More on By-Products

Many  crops are grown with the goal of extracting only part of their nutritional value – like soybeans for oil, corn for oil or alcohol production, wheat for starch (flour).



When those targeted ingredients are extracted, the remainder contains many valuable nutrients. These “left overs” are commonly termed by-products because they are produced during the process of extracting the component of interest.  By-products are not just waste. In fact, in many instances their nutritional value is actually enhanced in some way.

Try to picture this process. Let’s say a company wants to produce sunflower oil from sunflower seeds.  Seeds are typically about 30/30/30 oil, protein, carbohydrate and the remainder minerals.  When the oil is removed the remaining product is higher in protein and  other nutrients.

Soybean meal is a familiar example of this. It is a valuable source of concentrated protein high in lysine. It is actually safer to feed than whole soybeans because heat processing destroys factors in soybean that can interfere with protein digestion.

Corn gluten meal is a very high protein feed, typically about 60%.  It is not as good a source of lysine as soy, and arginine may not be optimal, but it is a highly digestible protein source. Corn gluten meal also contains very high levels of the xanthophyll pigments lutein and zeaxanthin which are antioxidants very important in eye health.

Distillers/Brewers Dried Grains are produced after corn, sorghum or other grains are used to make beer or other alcoholic beverages. The grains are ground, added to hot water and combined with yeast to ferment the starch content to ethanol. This produces a feed that is very safe for insulin resistant horses because the starch has been fermented. It is high protein, highly palatable and even has probiotic properties from the Saccharomyces yeast fermentation products.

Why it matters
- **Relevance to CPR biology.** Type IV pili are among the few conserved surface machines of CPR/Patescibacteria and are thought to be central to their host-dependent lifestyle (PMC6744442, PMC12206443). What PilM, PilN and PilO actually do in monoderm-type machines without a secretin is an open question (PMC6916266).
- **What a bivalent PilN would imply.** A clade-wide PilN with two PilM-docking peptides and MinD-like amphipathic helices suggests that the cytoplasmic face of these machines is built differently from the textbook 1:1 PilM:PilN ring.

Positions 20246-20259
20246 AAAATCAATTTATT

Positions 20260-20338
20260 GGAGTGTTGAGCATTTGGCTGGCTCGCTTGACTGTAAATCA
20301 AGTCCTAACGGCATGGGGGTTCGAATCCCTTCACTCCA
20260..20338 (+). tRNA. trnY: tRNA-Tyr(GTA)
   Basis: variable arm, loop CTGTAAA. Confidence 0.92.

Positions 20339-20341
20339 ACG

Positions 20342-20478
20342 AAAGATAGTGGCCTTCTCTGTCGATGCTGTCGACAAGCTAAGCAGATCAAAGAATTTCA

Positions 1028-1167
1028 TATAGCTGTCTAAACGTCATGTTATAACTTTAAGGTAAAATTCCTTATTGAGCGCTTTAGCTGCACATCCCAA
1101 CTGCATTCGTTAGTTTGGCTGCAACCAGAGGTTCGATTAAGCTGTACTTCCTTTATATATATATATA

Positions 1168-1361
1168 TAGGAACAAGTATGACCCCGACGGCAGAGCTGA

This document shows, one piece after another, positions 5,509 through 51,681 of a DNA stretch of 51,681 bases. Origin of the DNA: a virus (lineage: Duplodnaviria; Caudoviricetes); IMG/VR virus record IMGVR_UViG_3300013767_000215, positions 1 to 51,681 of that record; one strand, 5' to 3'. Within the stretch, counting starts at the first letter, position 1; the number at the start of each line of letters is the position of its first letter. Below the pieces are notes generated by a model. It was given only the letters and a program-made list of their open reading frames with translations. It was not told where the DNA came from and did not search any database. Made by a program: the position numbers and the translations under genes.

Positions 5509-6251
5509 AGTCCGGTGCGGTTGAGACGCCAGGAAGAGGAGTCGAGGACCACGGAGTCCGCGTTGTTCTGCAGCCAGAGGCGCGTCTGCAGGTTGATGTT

There are even things you would never suspect at first glance have high nutritional value, like soy hulls. Soy hulls are very low fat, sugar and starch but high in easily fermented soluble fiber. Protein is good at 10%. They are so fermentable they actually provide more safe calories than beet pulp or oats. Soy hulls are also very palatable.

Not all by-products are suitable for horses. Oat hulls are very poorly fermented and would be little more than a filler. Cottonseed products should be avoided because of the potential for toxic gossypol. Also avoid ingredients that are nonspecifically listed as “products”, such as forage products or protein products.

The point here is that by-products are not wastes or floor sweepings. (Just for the record, they never hit the ground either!) They are real foods, like skinless chicken, peeled fruit or low fat milk.  Their use is also supported by actual feeding trials, not just chemical analysis. When you hear by-product, don’t automatically discount them.

Eleanor M Kellon, VMD

About Dr. Kellon

Graduate of University of Pennsylvania Veterinary School. Owner of Equine Nutritional Solutions,, industry and private nutritional consultations, online nutritional courses. Staff Veterinary Expert at Uckele Health and Nutrition.
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